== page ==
Providing a proactive approach, they anticipate that ability to reduce falls, risk for pressure ulcers as well as quicker detection of Urinary Tract Infections with quicker, more appropriate treatment. This can potentially reduce the risk of further infection along with pain and/or confusion that can come with UTIs in older adults. All of this positive change could be attributed to one small procedure and supply change. It was a game changer for Eden Hill and can be for all long term care providers who are willing to just dive into innovation.
The entire premise around CQAPI is going back to basics, bottom up, and broadening your team beyond the usual players. The Eden Hill team leveraged a relationship with the “smart brief” manufacturers and suppliers in order to utilize best practices learned by others before them. They also determined how to track change or impact as well as determining procedures for incontinence management that can directly relate to other quality measures.
The comprehensive oversight is what made this pilot successful. Don’t know how to connect your team with those that can assist in providing comprehensive oversight? You can start by contacting the companies that manufacture products you use, community resources (i.e., wound care clinics, home health companies) and others that can provide multiple perspectives on operational procedures or systems. You can also connect with associations, organizations or supply chain vendors.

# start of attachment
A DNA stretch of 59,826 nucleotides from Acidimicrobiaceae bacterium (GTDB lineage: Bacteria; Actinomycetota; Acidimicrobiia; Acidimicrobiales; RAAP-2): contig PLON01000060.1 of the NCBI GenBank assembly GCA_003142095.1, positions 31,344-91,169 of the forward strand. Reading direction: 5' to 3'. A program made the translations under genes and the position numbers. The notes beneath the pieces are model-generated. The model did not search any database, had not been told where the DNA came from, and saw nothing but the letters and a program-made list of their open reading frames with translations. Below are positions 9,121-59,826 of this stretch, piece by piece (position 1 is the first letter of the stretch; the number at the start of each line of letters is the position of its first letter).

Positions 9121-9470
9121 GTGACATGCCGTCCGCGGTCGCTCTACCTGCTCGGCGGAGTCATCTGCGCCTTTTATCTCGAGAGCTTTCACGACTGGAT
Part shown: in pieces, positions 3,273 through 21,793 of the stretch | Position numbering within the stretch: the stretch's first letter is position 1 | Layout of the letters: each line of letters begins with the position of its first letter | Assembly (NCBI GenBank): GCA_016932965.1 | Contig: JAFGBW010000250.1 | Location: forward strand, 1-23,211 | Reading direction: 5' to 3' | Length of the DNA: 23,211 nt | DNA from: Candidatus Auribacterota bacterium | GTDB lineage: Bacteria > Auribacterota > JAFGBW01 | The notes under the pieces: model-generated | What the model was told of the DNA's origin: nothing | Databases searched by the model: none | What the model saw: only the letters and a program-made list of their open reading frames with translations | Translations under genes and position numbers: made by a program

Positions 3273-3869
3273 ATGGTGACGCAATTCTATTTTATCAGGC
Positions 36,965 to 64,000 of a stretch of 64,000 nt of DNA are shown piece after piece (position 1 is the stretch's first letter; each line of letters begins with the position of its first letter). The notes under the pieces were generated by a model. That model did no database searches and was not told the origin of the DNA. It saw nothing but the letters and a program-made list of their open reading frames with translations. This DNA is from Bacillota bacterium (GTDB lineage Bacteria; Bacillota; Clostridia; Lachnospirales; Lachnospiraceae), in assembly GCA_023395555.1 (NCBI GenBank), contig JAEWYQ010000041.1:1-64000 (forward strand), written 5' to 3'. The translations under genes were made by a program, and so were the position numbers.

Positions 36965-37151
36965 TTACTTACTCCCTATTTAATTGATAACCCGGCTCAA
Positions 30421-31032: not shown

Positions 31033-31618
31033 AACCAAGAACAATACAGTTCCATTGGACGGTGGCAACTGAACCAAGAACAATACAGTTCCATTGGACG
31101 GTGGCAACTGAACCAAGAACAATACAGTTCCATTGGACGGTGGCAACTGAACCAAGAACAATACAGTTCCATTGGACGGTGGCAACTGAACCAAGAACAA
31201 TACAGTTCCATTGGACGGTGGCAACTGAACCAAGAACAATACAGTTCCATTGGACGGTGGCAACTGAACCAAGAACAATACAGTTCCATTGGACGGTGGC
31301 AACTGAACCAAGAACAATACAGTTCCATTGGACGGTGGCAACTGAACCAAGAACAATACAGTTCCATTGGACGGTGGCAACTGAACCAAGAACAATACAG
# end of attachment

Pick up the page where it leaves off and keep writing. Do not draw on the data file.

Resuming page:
This gap in connectivity is exactly why I started the first and only virtual Global Agetech Innovations Laboratory (GAIL) in collaboration with Aging 2.0 and Austin’s Chapter of Aging 2.0. The GAIL officially launched in October 2022, accepting membership for free. Several innovative start-ups and gerontologists are out there looking for opportunities to connect and collaborate on CQAPI teams but are not sure how to find each other, or they do not realize they have similar missions and visions.
The CQAPI process can be an effective tool to allow operators to broaden their teams’ perspectives on quality and problem-solving globally as a member of the GAIL. Education and resource materials will be available towards the end of the year on the GAIL website for members as well as showcase opportunities on projects happening within the virtual laboratory. I can’t wait to see how this concept can help innovation grow in the field of aging while helping operators realize that they are not alone! There are passionate people out there that care and want to help.
Do you have a CQAPI story/experience? Please drop me a line at [email protected], I would love to hear more about it!
Amy Chidester, LNHA, is a certified gerontologist and caregiver advocate, a licensed nursing home administrator/preceptor in skilled nursing and assisted living, and provides consulting services to caregivers, operators, innovative Agetech start-ups, and educational institutions. Most recently, Amy is the founder and director of the Global Agetech Innovations Lab (GAIL).
The opinions expressed in McKnight’s Long-Term Care News guest submissions are the author’s and are not necessarily those of McKnight’s Long-Term Care News or its editors.